Saying the characters in “It’s Always Sunny in Philadelphia” are cruel is like saying Michael Phelps can swim.
In its fourth season, the show’s creators have taken it upon themselves to push “Sunny” into even more demented territory. In previous years, we’ve seen the cast fake paralysis to pick up women, liquor up underage teens and manipulate a homeless man for some extra cash. In the first two episodes of the new season, teabagging, waterboarding and cannibalism are major plot points.
Brother and sister Dennis and Dee Reynolds (Glenn Howerton and Kaitlin Olson), their father Frank (Danny DeVito), and their friends Charlie Kelly (Charlie Day) and Mac (Rob McElhenney) are hyper-self-absorbed alcoholics. Usually, the only time you feel bad for them is when they’re being attacked by one of the other characters; like when when Frank sets Dee on fire.
But likable characters aren’t a must for a successful show. In “Sunny,” you’re never rooting for the gang to succeed. Instead, it’s their missteps that spawn laughs. It doesn’t get any funnier than seeing Charlie siphon gas from his car to a barrel via his mouth, or watching Dennis pop his shirt off in the middle of a bank to convince the teller to give him a loan. Scenes like these are the bread and butter of FX’s diamond in the rough.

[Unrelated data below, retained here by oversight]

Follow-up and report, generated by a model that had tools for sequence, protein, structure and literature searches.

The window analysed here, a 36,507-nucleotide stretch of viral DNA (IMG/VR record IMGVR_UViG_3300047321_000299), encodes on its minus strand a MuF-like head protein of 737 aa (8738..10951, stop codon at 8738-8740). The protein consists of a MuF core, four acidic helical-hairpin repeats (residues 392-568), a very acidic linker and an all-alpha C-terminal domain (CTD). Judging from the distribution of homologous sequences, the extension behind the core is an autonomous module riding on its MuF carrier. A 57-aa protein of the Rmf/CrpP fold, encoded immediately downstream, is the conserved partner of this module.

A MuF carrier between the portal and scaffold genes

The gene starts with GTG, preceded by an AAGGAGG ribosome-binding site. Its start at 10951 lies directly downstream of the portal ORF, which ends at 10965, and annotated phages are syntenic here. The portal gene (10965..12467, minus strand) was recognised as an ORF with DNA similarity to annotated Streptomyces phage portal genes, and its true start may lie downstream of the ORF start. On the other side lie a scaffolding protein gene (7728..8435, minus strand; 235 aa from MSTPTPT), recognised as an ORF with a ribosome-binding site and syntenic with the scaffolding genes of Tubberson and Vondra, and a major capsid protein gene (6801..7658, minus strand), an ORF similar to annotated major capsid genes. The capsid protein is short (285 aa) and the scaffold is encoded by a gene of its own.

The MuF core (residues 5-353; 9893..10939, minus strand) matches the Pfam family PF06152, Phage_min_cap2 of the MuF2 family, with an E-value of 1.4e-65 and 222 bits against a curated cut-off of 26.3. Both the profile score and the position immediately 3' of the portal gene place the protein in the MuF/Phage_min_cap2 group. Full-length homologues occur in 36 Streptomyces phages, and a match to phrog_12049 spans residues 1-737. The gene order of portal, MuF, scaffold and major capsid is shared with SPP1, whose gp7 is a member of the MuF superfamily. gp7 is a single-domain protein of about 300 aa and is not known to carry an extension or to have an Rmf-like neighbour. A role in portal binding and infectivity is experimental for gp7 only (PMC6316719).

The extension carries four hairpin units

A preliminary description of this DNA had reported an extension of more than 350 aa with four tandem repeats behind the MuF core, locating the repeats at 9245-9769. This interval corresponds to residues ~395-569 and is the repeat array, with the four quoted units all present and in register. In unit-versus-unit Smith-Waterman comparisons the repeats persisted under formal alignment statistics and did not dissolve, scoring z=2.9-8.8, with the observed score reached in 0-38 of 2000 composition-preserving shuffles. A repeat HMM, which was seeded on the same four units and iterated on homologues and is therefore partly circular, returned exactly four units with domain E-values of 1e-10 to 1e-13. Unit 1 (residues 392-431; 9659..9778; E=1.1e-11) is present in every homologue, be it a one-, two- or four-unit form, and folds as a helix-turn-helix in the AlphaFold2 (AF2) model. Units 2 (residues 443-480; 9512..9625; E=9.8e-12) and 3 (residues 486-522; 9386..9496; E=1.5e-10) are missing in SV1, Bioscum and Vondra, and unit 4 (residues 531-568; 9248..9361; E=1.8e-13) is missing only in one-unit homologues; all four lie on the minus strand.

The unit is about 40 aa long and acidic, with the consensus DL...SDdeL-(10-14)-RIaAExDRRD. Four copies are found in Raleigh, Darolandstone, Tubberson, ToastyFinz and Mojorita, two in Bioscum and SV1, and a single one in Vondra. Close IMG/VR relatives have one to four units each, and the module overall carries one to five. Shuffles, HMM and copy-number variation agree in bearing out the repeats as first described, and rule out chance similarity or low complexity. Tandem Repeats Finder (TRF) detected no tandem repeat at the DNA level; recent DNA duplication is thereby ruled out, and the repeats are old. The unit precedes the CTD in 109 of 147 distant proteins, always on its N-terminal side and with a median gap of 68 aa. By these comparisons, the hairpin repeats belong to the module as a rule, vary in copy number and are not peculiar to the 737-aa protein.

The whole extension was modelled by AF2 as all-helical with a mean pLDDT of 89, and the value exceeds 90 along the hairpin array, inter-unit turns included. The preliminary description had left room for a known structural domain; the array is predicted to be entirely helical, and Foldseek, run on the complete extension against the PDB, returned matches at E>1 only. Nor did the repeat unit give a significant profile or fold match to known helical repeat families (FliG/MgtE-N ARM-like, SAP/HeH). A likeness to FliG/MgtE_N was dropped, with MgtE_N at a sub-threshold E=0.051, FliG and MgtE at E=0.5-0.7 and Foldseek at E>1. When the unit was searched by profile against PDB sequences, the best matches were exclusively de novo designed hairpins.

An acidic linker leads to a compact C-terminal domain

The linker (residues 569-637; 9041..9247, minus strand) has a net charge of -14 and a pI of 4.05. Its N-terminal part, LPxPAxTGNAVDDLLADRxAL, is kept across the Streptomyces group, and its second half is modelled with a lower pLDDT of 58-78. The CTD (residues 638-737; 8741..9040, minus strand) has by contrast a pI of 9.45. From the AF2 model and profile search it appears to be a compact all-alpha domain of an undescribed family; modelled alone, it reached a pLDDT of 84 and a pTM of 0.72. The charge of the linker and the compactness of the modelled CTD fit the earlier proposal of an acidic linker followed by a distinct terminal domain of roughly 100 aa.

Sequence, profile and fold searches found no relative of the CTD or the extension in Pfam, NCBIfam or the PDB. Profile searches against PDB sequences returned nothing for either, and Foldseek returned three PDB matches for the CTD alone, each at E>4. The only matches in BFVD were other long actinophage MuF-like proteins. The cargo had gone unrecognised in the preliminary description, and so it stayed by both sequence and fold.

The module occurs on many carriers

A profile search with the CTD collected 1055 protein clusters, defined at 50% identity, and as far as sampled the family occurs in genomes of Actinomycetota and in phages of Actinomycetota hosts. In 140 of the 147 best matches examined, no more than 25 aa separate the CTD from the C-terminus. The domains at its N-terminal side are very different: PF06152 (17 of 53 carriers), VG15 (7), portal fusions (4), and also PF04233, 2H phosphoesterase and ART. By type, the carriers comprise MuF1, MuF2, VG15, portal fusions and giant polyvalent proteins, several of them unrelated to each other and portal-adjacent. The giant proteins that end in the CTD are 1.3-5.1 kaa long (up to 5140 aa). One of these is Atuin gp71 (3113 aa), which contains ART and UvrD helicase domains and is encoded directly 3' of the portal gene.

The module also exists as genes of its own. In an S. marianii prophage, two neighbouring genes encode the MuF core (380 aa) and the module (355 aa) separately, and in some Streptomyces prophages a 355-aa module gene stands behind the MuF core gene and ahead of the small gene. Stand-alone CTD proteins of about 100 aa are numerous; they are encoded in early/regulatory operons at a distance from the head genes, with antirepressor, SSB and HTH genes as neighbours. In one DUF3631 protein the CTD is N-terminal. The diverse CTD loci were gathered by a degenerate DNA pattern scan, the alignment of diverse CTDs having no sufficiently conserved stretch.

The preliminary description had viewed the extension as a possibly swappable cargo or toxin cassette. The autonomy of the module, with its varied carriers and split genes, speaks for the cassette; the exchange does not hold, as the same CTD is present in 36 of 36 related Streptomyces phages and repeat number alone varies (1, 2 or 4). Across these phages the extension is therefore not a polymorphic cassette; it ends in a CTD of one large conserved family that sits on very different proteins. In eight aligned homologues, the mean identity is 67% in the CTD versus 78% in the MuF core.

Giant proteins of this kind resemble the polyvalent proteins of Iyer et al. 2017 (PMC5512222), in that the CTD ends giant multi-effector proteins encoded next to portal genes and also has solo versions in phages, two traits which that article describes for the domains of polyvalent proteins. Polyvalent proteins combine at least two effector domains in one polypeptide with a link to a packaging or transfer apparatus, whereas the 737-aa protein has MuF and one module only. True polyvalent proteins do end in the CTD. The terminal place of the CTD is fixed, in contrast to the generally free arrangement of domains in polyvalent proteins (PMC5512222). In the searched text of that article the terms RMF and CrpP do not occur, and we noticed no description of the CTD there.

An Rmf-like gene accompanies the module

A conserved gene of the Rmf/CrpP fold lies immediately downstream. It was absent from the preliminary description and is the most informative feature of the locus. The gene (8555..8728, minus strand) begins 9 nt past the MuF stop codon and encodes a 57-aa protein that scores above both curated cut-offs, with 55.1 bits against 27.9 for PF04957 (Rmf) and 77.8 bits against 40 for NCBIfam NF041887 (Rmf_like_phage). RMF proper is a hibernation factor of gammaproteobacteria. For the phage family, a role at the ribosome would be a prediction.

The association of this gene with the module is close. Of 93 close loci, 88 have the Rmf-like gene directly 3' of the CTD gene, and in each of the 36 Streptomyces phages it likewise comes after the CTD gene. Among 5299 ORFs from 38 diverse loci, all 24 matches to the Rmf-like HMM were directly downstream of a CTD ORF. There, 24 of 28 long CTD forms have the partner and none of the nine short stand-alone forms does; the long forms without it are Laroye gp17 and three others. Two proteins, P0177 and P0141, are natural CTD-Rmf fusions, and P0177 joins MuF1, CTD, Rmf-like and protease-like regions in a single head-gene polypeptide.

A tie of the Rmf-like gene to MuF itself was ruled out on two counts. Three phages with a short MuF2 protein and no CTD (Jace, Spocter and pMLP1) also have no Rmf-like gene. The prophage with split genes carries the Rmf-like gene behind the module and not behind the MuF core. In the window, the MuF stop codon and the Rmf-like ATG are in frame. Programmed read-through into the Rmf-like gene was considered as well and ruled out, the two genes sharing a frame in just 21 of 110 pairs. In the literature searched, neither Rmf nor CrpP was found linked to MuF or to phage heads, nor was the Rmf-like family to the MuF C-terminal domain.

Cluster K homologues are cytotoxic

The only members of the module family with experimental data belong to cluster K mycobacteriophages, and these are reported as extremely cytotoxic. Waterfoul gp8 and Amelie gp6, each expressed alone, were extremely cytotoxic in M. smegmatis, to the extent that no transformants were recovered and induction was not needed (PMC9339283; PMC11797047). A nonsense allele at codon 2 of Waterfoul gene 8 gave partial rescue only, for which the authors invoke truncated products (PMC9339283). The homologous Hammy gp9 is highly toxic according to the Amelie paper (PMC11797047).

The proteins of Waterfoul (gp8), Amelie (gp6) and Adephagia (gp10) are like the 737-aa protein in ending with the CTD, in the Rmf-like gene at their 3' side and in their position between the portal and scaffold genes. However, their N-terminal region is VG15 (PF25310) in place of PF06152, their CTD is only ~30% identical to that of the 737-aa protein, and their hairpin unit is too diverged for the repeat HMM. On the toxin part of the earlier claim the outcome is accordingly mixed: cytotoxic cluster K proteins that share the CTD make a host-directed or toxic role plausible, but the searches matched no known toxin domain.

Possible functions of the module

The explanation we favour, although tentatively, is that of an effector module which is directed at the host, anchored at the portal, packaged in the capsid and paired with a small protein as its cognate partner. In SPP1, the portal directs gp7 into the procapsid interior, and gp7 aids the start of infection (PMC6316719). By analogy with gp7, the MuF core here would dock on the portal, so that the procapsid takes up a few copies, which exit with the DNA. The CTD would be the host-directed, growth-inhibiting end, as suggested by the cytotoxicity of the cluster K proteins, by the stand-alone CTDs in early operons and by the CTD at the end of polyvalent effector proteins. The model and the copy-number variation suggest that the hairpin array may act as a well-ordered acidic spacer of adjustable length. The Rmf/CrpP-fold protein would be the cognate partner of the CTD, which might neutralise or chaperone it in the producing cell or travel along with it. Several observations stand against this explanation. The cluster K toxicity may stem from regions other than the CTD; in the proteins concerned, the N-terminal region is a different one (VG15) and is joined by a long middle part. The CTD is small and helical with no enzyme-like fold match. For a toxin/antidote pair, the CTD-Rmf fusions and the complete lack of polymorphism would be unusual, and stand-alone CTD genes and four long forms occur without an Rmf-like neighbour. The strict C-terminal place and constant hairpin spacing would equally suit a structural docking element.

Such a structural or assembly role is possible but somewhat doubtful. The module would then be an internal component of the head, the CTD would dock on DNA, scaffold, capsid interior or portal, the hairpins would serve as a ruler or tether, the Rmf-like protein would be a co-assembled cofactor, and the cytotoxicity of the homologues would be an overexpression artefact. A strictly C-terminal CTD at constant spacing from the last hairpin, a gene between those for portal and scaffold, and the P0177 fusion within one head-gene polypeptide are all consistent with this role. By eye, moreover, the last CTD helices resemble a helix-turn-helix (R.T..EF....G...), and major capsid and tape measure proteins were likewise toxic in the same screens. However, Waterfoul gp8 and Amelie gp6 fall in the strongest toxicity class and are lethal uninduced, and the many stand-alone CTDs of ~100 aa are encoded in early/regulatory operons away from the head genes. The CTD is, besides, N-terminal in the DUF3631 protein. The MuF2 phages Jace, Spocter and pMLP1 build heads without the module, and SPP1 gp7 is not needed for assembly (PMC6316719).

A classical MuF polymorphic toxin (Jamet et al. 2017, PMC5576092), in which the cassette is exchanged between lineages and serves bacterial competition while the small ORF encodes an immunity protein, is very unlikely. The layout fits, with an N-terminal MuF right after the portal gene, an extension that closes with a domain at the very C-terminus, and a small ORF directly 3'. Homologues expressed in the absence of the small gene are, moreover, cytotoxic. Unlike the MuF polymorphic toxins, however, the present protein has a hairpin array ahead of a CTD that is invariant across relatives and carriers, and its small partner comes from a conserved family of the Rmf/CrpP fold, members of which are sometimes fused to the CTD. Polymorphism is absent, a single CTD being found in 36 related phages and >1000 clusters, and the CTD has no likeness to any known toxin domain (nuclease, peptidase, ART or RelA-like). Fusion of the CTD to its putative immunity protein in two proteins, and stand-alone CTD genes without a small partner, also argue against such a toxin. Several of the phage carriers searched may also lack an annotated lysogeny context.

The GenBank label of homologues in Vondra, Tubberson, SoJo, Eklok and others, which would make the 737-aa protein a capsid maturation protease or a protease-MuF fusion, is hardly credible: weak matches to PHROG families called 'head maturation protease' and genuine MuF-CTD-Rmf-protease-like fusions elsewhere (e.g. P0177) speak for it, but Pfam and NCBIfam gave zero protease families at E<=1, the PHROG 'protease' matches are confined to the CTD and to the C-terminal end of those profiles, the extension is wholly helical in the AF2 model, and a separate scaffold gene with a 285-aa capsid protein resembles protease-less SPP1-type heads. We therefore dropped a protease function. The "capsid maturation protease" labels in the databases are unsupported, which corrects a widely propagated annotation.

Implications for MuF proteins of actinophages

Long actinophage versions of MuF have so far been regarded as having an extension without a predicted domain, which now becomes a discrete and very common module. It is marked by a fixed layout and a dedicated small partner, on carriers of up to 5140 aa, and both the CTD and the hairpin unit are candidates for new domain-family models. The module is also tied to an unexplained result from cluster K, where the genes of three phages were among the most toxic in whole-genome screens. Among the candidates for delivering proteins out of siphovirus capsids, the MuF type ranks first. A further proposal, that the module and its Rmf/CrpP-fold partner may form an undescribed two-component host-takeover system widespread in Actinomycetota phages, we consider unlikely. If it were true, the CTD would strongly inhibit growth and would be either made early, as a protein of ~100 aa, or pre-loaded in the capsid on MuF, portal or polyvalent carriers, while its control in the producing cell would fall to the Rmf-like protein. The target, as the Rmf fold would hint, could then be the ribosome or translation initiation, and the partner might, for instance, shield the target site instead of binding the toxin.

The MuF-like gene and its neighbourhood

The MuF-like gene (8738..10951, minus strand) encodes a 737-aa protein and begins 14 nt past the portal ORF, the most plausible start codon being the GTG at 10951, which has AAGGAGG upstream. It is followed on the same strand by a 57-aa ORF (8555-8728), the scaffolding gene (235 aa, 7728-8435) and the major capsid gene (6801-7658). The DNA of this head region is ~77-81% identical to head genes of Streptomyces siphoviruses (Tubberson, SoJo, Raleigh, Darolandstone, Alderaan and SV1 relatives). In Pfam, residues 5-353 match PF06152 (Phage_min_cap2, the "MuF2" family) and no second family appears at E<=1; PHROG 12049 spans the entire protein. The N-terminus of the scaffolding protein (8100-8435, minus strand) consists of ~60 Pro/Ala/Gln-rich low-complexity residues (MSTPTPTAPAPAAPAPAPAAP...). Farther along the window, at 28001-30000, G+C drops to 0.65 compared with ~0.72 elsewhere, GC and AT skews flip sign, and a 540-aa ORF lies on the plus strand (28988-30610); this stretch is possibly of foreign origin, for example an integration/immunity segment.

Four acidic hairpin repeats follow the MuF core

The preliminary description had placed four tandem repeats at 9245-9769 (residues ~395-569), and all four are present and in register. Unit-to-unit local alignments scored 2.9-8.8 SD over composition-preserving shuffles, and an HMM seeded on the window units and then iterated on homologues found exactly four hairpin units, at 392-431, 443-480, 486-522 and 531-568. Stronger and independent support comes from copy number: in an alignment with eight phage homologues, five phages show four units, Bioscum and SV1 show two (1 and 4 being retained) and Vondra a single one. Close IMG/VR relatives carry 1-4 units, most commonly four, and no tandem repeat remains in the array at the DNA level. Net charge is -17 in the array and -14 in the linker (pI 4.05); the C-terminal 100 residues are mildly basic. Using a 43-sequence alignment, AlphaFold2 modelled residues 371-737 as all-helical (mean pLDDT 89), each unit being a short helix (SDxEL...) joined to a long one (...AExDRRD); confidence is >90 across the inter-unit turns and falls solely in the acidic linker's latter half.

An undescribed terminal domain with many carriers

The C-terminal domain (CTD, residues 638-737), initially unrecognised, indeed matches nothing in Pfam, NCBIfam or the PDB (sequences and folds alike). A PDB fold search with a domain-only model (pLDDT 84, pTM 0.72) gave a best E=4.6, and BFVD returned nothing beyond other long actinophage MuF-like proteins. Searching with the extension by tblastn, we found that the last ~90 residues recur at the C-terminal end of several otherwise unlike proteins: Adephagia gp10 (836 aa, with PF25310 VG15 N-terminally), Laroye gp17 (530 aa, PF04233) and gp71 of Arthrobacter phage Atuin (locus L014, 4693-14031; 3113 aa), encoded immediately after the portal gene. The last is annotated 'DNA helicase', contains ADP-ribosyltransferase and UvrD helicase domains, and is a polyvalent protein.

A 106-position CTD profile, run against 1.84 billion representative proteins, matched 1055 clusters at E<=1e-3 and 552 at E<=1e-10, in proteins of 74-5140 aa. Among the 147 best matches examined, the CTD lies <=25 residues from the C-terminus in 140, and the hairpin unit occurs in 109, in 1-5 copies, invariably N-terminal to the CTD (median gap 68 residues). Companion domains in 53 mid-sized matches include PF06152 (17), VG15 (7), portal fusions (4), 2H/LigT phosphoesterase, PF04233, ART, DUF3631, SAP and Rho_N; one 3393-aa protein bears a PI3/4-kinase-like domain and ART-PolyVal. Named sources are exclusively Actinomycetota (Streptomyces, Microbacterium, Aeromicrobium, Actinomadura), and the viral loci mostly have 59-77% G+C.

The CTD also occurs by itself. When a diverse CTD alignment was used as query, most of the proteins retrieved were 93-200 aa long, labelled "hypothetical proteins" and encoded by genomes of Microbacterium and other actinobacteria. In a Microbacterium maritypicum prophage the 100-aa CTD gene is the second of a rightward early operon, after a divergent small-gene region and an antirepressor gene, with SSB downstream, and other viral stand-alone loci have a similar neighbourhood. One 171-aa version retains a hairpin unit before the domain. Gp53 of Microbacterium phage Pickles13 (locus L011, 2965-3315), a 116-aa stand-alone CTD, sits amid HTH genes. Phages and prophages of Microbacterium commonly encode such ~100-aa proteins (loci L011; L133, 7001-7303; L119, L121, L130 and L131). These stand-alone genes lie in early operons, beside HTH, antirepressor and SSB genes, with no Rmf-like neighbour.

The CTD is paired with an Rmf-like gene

“Sunny” has more than its share of guilty laughs, but the characters aren’t one-dimensional egomaniacs. Charlie is the runt of the group, whose struggle to move up in the pecking order is worthy of empathy. Dee is in a constant battle to stave off the gang’s rampant sexism that usually puts her at a disadvantage. Dennis is charmingly overconfident about his sexual attractiveness. Mac is insecure about his ability to attract women. And Frank, well ... he tried to convince Dennis and Mac it wasn’t OK to hunt humans. That was downright decent of him.
There’s also a healthy dose of frat-boyish homoeroticism. In the Season 4 premiere “Mac and Dennis: Manhunters,” Dennis invites Mac to feel his rock-hard nipples. Mac dives right in before exclaiming, “You could cut glass with those things!” Oh, and don’t forget the aforementioned teabagging, which is sure to resurface in future episodes.
The most appealing aspect of the show is its idealization of the man-boy lifestyle. The characters are in their late-20s or early-30s but still behave like fuck-up college kids. There’s never a problem that can’t be solved with a harebrained scheme or a night of binge drinking. If only real life were that simple.
It’s just a few episodes in, but so far, Season 4 of “Sunny” is just as sharp as its predecessors. Newcomers shouldn’t be scared to jump right in. This thing isn’t exactly “Lost.” Every episode is pretty self-contained and damn funny.